How did you learn CW?

Discussion in 'Working Different Modes' started by NU8J, Jul 13, 2012.

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  1. KA5S

    KA5S Ham Member QRZ Page

    78 RPM records. Do not recommenf, as they are to easily memorized and these days a record players is papt to be a "rare collectors item." Heh.

    We had this discussion at our club's open house the other night, and the consensus was (for what I consider good reasons) a computer self-teaching program -- G4FON was mentioned.

    I'll add, actually getting on the air.


    Cortland
    KA5S
     
  2. N4AJZ

    N4AJZ Ham Member QRZ Page

    I learned the code at the U.S. Army Signal School at Ft. Gordon, Ga. in 1965. We learned the code sent in 5 character groups. Very little plain text in the learning stage. We later learned the signal "short-hand" for sending military code. Needless to say, years later(1978) when I got my ham ticket, the code was not a problem.
     
  3. AA9DD

    AA9DD Ham Member QRZ Page

    BSA Key.JPG

    Once I had my license a

    Knight T-60, 7.162 & 7.175 crystals, Hallicrafters SX-71 and many cold nights in the basement calling CQ.

    73,
    Tom
     
  4. K9LOL

    K9LOL Ham Member QRZ Page

    I strongly recommend the Ham Morse app for iOS. If you don't have an iOS device it would be worth picking one up (such as the iPod touch) because of the amazing variety of incredibly useful apps. A fantastic ham tool!
     
  5. N2EY

    N2EY Premium Subscriber QRZ Page

    Built a simple 1 tube code practice oscillator and practiced sending.

    Built a simple 2 tube regenerative receiver that covered 80 meters and listened to hams using CW.

    Practiced every day until I could send and receive about 7 wpm solid.

    Got Novice license.

    Built transmitter.

    Operated CW on 80 meters and copied W1AW until I could do 18 wpm solid

    Got Advanced license, moved out of Novice bands, continued operating CW and copying W1AW.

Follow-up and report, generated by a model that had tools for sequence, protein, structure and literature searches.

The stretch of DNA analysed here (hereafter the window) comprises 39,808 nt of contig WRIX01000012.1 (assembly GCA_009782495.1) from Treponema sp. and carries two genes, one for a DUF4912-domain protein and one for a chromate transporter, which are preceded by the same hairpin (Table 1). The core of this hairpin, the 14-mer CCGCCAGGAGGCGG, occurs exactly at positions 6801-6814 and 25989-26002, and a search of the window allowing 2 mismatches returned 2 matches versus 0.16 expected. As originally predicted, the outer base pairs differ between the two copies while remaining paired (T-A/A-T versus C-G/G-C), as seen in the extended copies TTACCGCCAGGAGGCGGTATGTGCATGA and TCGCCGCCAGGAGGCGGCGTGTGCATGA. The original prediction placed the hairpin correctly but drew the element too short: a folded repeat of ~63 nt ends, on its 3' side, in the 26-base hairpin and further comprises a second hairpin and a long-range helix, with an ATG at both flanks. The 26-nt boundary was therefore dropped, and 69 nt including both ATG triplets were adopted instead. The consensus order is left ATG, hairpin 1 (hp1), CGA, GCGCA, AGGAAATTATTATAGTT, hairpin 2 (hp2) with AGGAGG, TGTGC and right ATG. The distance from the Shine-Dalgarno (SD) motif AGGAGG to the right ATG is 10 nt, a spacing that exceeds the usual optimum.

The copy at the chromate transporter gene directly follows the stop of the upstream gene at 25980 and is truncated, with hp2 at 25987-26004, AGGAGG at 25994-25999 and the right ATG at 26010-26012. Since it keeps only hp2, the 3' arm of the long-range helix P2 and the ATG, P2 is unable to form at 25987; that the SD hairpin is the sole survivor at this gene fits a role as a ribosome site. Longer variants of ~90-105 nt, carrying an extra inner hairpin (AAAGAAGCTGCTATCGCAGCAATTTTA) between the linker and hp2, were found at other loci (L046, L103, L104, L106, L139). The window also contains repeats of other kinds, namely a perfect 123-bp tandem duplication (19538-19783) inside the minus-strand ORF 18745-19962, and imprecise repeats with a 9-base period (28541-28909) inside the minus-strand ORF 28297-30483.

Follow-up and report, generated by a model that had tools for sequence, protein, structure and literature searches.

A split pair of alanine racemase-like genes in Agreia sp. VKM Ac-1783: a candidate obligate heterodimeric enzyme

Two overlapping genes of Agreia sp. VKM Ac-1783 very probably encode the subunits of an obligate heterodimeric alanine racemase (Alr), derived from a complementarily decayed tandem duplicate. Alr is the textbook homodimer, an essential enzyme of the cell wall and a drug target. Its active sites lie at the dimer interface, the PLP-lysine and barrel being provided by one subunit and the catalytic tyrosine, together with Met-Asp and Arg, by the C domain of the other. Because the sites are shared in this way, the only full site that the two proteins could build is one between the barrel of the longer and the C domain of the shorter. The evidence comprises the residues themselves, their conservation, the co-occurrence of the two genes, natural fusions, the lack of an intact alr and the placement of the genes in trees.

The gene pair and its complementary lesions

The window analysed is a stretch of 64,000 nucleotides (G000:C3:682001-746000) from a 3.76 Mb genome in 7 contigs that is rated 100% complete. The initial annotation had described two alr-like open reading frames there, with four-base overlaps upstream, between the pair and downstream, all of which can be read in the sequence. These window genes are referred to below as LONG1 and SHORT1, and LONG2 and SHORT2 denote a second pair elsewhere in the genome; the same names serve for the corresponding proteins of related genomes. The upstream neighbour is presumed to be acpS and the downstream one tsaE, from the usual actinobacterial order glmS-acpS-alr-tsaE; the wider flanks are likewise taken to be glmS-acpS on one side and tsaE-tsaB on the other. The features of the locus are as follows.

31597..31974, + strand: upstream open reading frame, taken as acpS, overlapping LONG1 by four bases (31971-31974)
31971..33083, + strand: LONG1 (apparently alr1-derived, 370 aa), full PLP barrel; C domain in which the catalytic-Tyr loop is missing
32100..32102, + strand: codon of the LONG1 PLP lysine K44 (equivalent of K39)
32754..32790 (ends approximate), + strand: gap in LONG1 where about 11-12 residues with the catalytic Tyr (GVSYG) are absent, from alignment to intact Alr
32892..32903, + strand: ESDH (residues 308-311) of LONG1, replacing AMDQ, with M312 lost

Got Extra license.

    All of the above took about 3 years.

    Did not own a radio capable of voice modes until I'd been a ham 10 years.

    73 de Jim, N2EY
     
  6. K4PP

    K4PP Ham Member QRZ Page

    I learned the numbers and letters using a playback software like G4FON to get to 10 wpm. That was a enough to make good contacts. Once I had 10 wpm, I switched to Morse Runner set initially at 30 wpm, then at 45 wpm and run it any free time I had. It allowed me to ragchew at 25. When I first started with the playback, I had sort out what letter the sound was. After a year of the morse runner it's become more like a aural thing where the letter was just spoken to me. At the high speed most of the common words also have a single sound that seem to speak the word. There is a speed below which I seem to have trouble, and unfortunately if it is not sent properly spaced I have trouble. My method has allowed me to contest great, but I still have problem with some hand sent code if it doesn't sound like the computer I learned from.

    K4PP
     
  7. VK4KL

    VK4KL Ham Member QRZ Page

    Had a friend who is a ham operator teach me and as I went to work each day I would translate the road signs to code much to the amusement of my passengers.

    Adrian
     
  8. WB2WIK

    WB2WIK Platinum Subscriber Platinum Subscriber QRZ Page

    In many years of teaching code classes pretty successfully, I've found that "listening" to the code is just about the worst way to learn it.

    With enough motivation, everything is possible. You can learn to ski by going to the top of a mountain and following others; if you don't kill yourself on the way down, you're learning well. But there are better ways.
     
  9. KO6WB

    KO6WB Premium Subscriber QRZ Page

    I used the sending to get a good idea of what each letter sounded like. That was actually kind of hard since I had no reference just an explaination from a book that described what spacings and lengths were required for each letter. Did not have a receiver during that time and being a young airman in the USAF I had very little resources to buy anything either. Oh yeah, I was married then and had to support a very interesting soon to be future ex-wife. When I did get to listen I found the charaters made sense and actually formed words and complete thoughts. At the time some of it didn't make much sense with the HR, UR, U, CUL and other shortened words. At first I thought I was copying it wrong, but I got used to it and figured out what was what.
    Ahh yes, days of clarity, unlike today where I have trouble finding my car in the parking lot;);).
    Have fun everybody
    73
    Gary
     
  10. WA3UCR

    WA3UCR Ham Member QRZ Page

    As a long time CW op, I would have to agree with this. Listening is no way to learn the code. Sending the characters is the best way to learn. I used a cheap straight key to learn. Once you have a handle on the characters, listening is a great way to improve your speed. I used W1AW quite a bit, but the real deal is to get on the air and practice as soon as your comfortable. Send a slow CQ at a speed that you can copy pretty well and most ops will answer at that speed. Don't be afraid to ask them to QRS if they respond a little out of your comfort zone. No substitute for actually making QSOs to improve your speed once you have learned the basics by pounding out the characters yourself. Best of luck and hope to work you on CW soon.
    73
    Bill
     
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